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Int J Epidemiol. 1991 Dec;20(4):1125-32.

Using general practitioners to measure community morbidity.

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Department of Community Medicine, University of Sydney, Australia.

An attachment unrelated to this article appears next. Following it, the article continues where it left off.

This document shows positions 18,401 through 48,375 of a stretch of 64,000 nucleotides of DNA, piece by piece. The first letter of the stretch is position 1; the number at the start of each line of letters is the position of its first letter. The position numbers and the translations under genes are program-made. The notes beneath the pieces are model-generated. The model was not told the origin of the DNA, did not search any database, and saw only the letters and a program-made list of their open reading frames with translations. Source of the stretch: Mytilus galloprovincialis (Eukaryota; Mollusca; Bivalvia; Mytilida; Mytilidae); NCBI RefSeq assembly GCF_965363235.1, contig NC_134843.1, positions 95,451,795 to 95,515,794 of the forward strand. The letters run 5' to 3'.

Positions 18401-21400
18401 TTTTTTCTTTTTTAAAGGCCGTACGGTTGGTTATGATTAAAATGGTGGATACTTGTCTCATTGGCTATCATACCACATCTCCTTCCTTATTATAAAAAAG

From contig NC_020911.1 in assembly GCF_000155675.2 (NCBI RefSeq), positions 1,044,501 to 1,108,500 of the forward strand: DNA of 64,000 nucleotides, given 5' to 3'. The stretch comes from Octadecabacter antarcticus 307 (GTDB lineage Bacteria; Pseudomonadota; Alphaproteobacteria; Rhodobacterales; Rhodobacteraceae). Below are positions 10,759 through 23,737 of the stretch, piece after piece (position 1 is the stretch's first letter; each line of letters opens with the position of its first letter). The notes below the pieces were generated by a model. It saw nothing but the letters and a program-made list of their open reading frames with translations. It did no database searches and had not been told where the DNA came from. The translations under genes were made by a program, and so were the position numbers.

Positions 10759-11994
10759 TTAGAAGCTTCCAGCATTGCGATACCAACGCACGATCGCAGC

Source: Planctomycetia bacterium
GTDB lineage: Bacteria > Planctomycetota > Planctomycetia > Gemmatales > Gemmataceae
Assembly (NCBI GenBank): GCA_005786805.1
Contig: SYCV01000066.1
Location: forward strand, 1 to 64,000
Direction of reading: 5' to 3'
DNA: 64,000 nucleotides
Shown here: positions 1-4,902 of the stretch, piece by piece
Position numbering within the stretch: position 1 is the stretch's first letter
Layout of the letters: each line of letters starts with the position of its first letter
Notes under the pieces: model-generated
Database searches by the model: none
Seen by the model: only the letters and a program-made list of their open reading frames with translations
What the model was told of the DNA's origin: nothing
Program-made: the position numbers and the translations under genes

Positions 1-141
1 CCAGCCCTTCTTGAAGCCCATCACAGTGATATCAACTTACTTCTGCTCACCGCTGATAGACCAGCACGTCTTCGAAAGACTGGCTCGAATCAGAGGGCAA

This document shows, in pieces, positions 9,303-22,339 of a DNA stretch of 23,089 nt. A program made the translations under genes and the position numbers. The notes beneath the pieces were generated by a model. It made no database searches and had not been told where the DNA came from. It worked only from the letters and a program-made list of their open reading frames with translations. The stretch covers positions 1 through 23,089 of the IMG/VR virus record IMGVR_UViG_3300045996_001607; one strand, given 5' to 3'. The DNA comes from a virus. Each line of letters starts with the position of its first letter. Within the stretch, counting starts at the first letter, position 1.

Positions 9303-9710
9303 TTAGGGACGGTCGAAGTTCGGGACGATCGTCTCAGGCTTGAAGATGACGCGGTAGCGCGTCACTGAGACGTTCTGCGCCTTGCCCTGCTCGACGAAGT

Randomly-selected patients drawn from randomly-selected General Practitioners (GPs) (two-stage cluster sample) were compared with a sample of the general population, who had visited a GP, selected using close approximations to standard household survey methods (area probability) of the Australian Bureau of Statistics. If GP patients drawn in this way resemble a random sample of the Australian community who have recently used GP services, then confidence should increase in this much cheaper method as a source of morbidity statistics. Interviews focused upon each person's last visit to the GP, with questions about reasons for attending, diagnoses and treatments, and various demographic items. In univariate analyses of 22 demographic items, 17 consultation items and 27 diagnoses and treatments, only five items were differently distributed between the GP patients and the area sample. Pairs of data items were also similar in the two groups. Items were examined using multidiscriminant analysis, to determine those that discriminated between the two groups and to calculate predicted group membership on the basis of these items. This analysis correctly classified only 56.7% of study subjects into their true group (GP patient or area sample) when based on items that were differently distributed between the groups, and 53.3% when all items were used, indicating that discrimination was only slightly better than chance. This result increases the confidence with which GP patients can be used to estimate levels of morbidity in the community if random selection is used to select GPs and if their patients are also randomly selected.

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